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a journal of analysis and comment advancing public understanding of religion and education
(more on the Journal)

Winter 2006, Vol. 33 No. 1

Editor’s Preface

This Winter issue marks the beginning of a year in which we move from publishing two issues each year to three—a response to increasing interest in topics covered here.  One consistent such topic involves responses to the increasing religious diversity in the United States.  With increasing diversity comes the challenge of creating pluralistic education communities that value the multiple faith traditions of its constituents.  We open this new year and issue with the results of a new study from UCLA’s Higher Education Research Institute’s Spirituality in Higher Education project.  Analyzing the central practices, attitudes, and spiritual beliefs of entering first-year students representing non-majority perspectives, Alyssa Bryant elucidates a wide and complex spectrum of approaches to spirituality and religion by Buddhist, Hindus, Muslims, Unitarian Universalists, Jewish students, and students with no religious preference.

Following this expansive view of the landscape, editorial board member Robert J. Nash and his colleague Penny A. Bishop take on the issue of religious pluralism in a post 9/11 world--particularly, how to teach adolescents within this context and about the challenges and opportunities associated with religious diversity.  Among other significant points, they argue for enlarging the scope of multiculturalism and the need for a parallel effort at religious literacy for students at all levels, teachers, and teacher educators.

Elizabeth J. Tisdell continues the probe of teaching about cultural diversity within the secular higher education classroom.  Her article begins with a personal account exploring the secular-spiritual teaching paradox arising from the interrelation of spirituality, religion, culture, and personal identity, and goes on to report findings of a study of a group of educators and their ideas about these issues and how they relate to their own teaching.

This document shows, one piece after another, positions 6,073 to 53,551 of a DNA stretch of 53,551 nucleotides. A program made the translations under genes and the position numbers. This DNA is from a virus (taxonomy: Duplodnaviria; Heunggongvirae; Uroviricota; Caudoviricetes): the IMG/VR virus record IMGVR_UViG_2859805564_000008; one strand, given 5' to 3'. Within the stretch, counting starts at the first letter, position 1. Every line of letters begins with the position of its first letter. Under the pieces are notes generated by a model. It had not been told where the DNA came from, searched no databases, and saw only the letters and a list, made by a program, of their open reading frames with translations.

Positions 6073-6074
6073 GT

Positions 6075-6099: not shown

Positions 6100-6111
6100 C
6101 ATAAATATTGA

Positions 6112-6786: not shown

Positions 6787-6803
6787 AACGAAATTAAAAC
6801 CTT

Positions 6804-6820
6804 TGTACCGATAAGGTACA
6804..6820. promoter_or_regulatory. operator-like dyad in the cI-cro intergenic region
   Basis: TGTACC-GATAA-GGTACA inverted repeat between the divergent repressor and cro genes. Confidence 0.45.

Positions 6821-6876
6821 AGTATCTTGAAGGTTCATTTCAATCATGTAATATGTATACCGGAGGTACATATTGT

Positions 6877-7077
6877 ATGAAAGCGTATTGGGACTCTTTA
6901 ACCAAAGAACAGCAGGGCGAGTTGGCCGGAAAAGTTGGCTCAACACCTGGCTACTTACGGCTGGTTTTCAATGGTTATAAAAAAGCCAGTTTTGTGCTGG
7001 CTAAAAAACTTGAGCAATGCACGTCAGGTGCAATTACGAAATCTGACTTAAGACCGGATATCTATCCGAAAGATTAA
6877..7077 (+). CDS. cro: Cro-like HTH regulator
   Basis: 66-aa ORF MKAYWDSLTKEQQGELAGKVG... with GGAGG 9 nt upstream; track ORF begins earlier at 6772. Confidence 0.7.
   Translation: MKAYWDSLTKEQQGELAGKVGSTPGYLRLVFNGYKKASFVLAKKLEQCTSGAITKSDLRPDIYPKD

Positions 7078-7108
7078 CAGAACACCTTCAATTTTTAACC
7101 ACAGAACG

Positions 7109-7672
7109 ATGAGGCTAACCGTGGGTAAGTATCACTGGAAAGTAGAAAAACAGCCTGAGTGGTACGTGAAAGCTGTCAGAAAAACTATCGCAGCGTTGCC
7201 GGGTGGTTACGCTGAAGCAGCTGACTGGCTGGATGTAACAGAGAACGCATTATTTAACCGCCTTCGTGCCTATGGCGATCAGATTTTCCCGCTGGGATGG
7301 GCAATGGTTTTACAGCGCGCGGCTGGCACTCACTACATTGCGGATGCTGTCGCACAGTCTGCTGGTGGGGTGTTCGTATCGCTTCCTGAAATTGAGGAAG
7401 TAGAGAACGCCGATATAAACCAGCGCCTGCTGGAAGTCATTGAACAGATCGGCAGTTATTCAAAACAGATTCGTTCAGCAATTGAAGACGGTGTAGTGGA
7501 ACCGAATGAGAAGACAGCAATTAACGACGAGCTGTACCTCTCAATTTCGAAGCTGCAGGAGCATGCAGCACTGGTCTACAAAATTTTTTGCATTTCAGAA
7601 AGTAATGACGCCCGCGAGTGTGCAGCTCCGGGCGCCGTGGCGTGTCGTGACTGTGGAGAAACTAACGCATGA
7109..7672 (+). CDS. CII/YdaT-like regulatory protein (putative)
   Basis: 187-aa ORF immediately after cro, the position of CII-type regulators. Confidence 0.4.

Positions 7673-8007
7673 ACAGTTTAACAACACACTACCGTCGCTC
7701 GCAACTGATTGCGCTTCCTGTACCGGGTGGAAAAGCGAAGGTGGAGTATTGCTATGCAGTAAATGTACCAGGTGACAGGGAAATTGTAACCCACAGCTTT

Our fourth article features one institution’s experience with the Lilly Endowment’s Programs for Theological Exploration of Vocation, a multi-year initiative granting 87 higher education institutions more than 200 million dollars (see www.ptev.org).  Jennifer Grant Haworth and Mary de Villiers offer an assessment of the impact (intended as well as unanticipated) of their grant on the renewal of the institution and its commitment to its mission.

The concluding article by Gerard A. Zam and Gregory E. Stone focuses on an important set of players in any religious literacy initiative that eventually is to affect schools – the social studies teacher educator.  In a national study, Zam and Stone surveyed the attitudes of higher education teacher education faculty involved in social studies education and reflect on what the results portend.

Our spring issue is already in preparation.  We are delighted to have Peter Laurence as Guest Editor for this issue on Spirituality in Higher Education.  He has drawn together a distinguished group of scholars for this enterprise.  Please note the article topics and authors on page 109.

The cover art for this issue is Merkaba Mandala or Acrylic Medallion by Robert Wertz. It was part of the October 2001 exhibit, “A Question of Faith,” at the University of Northern Iowa Gallery of Art.

Michael D. Waggoner, Editor
Religion and Education

Winter 2006
Mike.Waggoner@uni.edu